Nonprofit and For-profit Partnerships: Gaining Support from Corporate Sponsors

By Jessica Epperly

The most challenging aspect of gaining a corporate sponsorship is simply the art of asking for it. So often nonprofits see their work as a straightforward and creditable cause, and they assume asking for corporate sponsorship is an easy feat. Surly big dog for-profits have the resources to give, right? Wrong. Even when it comes to sponsorships or gifting to a good cause, corporations use the same decision criteria that they would use when deciding where to put their advertising or marketing budget. At the end of the day, they are looking for win-win opportunities and a clear return on their investment.

Larger and more fiscally strong for-profits such as Apple and Google usually put aside part of their yearly advertising and marketing budget for sponsorship opportunities. The problem is corporations that have the resources to offer quality sponsorship opportunities are approached all the time. Because of this, they usually decide ahead of time the best type of organizations to pair with in order to meet their public relations and marketing initiatives. They want to partner with nonprofits that share the same demographic. Usually, for-profits give to nonprofits that they have a longstanding history with and rarely look for new opportunities. However, if you are looking to foster a new relationship with a for-profit there are some key factors to keep in mind before picking up the phone.

Even more important than securing the actual sponsorship is establishing a good rapport with your contacts. Be aware that even if they choose to decline sponsorship in one instance, they may agree to sponsor your organization in the future.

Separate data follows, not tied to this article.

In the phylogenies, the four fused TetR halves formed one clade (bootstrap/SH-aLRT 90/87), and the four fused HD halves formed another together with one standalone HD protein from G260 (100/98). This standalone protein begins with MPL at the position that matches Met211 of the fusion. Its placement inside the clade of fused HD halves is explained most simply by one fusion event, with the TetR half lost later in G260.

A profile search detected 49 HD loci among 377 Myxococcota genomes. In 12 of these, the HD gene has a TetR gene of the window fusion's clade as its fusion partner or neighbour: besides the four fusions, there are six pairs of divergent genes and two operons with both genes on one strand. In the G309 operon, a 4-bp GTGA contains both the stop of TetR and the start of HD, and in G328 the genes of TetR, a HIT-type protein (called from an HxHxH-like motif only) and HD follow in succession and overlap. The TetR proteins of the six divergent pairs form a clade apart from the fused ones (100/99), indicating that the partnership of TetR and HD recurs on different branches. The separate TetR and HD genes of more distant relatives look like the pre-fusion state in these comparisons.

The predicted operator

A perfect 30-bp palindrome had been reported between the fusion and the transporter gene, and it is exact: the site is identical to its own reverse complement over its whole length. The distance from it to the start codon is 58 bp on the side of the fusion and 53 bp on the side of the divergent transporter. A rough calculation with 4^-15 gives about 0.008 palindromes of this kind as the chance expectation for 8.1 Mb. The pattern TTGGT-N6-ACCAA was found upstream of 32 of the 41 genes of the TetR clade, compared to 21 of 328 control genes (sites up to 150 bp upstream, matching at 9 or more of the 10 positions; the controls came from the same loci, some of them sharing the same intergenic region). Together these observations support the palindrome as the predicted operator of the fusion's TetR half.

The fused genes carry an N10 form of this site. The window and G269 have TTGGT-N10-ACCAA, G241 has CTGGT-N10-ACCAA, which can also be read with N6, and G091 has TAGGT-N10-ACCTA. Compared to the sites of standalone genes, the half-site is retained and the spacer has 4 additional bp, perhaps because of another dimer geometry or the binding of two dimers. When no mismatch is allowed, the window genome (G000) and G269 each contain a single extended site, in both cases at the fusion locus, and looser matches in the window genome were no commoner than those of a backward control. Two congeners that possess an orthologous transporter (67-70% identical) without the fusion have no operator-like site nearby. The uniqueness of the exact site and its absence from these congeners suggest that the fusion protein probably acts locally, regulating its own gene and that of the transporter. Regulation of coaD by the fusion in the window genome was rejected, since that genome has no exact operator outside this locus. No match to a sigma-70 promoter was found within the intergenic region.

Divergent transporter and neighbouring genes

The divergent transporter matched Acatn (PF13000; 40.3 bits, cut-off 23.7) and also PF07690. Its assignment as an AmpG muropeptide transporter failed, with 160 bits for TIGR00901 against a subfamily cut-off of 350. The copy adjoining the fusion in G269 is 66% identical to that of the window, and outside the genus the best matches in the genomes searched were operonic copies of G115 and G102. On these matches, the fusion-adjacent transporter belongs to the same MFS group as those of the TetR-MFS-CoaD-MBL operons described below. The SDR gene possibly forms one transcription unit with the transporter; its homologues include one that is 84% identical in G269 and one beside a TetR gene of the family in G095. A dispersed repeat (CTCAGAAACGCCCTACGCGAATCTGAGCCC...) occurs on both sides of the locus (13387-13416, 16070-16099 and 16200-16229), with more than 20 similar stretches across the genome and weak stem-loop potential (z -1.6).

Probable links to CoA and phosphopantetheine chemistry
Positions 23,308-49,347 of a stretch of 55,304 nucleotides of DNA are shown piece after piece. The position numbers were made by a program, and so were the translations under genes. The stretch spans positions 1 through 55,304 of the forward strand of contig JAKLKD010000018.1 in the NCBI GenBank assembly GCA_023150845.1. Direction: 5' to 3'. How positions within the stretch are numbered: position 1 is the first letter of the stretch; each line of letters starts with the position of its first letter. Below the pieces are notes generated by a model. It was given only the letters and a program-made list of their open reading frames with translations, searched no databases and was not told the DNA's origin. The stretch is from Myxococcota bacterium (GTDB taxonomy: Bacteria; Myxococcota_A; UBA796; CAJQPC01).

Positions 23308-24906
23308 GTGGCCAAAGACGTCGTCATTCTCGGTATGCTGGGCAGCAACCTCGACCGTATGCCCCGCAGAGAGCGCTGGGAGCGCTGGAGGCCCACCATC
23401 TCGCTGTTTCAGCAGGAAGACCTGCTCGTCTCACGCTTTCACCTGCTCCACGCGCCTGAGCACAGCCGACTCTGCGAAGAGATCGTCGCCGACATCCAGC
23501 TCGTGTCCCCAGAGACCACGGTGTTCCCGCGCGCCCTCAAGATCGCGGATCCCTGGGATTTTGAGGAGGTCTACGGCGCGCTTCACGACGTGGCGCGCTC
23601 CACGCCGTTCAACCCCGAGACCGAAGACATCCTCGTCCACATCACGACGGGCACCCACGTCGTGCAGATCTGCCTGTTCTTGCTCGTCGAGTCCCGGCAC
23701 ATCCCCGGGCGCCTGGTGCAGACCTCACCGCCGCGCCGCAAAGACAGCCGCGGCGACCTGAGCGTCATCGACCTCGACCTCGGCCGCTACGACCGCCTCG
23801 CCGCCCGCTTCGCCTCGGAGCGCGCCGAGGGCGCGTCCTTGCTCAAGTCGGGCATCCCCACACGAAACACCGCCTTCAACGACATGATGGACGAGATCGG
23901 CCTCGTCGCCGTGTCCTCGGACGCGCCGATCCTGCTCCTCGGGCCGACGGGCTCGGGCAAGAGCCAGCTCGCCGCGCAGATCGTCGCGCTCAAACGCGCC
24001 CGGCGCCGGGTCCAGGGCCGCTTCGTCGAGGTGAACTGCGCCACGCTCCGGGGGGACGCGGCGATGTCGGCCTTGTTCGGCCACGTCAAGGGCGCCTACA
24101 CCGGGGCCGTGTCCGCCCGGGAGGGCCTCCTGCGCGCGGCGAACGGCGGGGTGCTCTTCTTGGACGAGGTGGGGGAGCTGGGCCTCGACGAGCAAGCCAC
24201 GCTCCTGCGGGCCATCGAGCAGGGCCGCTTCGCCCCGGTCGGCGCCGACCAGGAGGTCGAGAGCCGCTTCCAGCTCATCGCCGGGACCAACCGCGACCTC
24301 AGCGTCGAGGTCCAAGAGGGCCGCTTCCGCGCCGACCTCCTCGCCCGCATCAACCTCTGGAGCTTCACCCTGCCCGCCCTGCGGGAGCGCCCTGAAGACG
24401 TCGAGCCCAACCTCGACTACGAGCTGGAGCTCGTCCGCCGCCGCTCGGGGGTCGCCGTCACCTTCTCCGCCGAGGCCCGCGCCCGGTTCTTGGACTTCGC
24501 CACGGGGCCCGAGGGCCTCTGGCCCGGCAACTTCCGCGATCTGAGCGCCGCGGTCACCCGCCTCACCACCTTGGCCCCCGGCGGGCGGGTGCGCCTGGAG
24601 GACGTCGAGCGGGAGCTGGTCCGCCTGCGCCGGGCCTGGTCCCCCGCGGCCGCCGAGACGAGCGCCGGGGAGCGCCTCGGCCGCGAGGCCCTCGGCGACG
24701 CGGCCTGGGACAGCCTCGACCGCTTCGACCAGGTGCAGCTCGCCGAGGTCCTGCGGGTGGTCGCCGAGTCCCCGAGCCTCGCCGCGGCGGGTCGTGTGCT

Find out ahead of time when your target corporation decides their annual sponsorship budget and pitch to them early, before their budget runs out.

Be sure to research the company and find out if they are launching a new product or marketing initiative that matches your organization’s target audience, as chances are they are looking for ways to further reach the audience you might already be engaging.

Also, it is important to know what you are asking for before asking. Too often calls are fruitless because the person asking for support does not have a clear goal. The best way to clarify your objective is to create a sponsorship package that details levels of sponsorships and the benefits received with a particular level. Make your packages and benefits make sense to the dollar value. If you’re asking for $30K, do the benefits you are offing in return equal the monetary value?

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